Album Review – Wu-Tang Clan: A Better Tomorrow

Get Off My Lawn, Motherf**ker

Anyone from a large family has experienced times when most of the family gets together for a holiday or graduation. It’s a good time had by all, but what’s most interesting is when the various generations break off into groups and you get to witness a time warp of sorts. Most entertaining of which is that group that spent their most formative years in the ’90s; Just young enough to still be “with it,” but showing some signs of their age. That’s what Wu-Tang Clan’s A Better Tomorrow sounds like. A bunch of guys who spent their best years together, but don’t see each other very often.

Wu-Tang hasn’t put out an official group project in seven years. The last being 8 Diagrams, which came soon after the death of original member, ODB. At that time, they were a group looking for a new identity. They weren’t running away from what they were, but RZA was trying to add to their already expansive sound. It was more daring, more psychedelic, and, ultimately, more miss than hit. The voices were off. At its base, Wu-Tang is still nine different men (if you include Capadonna) coming together to make one, singular voice. RZA was always able to take those personalities and gel them in a way that made them shine under one banner. A Better Tomorrow, unfortunately, picks up where that last album left off. It’s definitely more concise, but there’s still something missing.

There are clear standouts on the album, most of them the singles. The organs on “Ruckus in B Minor” are haunting and fit the ’70s soul mold that RZA likes to work with. The same could be said for “Preacher’s Daughter” or “Ron O’Neal.” Somehow, reverting back to familiar territory works better for the ensemble than branching too far out. This could easily be accredited to RZA’s growth as a producer over the past two decades. No longer a young man who barely knows how to work the machines he’s creating with, he’s an accomplished beat maker and composer. He knows his sound, and squeezes it from each Wu member with ease at this point.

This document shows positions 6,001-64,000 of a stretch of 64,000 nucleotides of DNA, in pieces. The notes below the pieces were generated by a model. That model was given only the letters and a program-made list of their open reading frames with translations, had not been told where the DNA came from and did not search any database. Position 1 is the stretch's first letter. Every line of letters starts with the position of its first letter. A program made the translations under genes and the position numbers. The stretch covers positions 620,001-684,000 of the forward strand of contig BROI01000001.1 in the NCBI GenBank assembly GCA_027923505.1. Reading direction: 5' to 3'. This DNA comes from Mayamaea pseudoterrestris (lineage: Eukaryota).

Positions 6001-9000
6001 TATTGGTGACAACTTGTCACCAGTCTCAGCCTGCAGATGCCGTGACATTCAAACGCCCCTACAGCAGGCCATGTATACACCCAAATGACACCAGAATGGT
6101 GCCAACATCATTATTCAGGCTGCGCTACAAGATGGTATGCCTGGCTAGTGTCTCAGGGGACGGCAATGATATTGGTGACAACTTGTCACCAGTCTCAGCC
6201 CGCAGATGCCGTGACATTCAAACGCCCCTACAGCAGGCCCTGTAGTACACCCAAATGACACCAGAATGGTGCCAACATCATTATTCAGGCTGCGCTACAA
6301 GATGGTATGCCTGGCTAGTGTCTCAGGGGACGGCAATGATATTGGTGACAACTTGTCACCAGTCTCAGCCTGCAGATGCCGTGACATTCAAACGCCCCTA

Where A Better Tomorrow falters is when the age of the nine MCs becomes apparent. The standouts are Method Man, Raekwon and RZA. Even though Ghostface shows flashes of the idiosyncratic MC we all know and love, he’s almost phoning it in, while the rest sound rusty and, at times, disinterested. The collective just couldn’t bring it together. The long gestating album has been in the news for years, with different Wu members stating that they had been working on portions as early as 2011. The patchwork is clear at points. For as cohesive as “Keep Watch” sounds, “Miracle” is the musical equivalent of a crosshatched blanket.

Wu-Tang Clan has been around for two decades. Their influence on hip hop, and music in general, is undeniable. They don’t have anything to prove to anyone at this point, but the music is largely uninspired, which is sad when you consider that this may be their last group effort. A Better Tomorrow never truly comes together. The hits on the album are classic Wu, and will easily stand next to other songs in their storied history. The rest of the album is largely forgettable and stagnant. Wu-Tang Clan may have had something to say, but this album trips over its words. We don’t know if they’re saying goodbye to us, or each other.

Originally published on – (12/16/2014)


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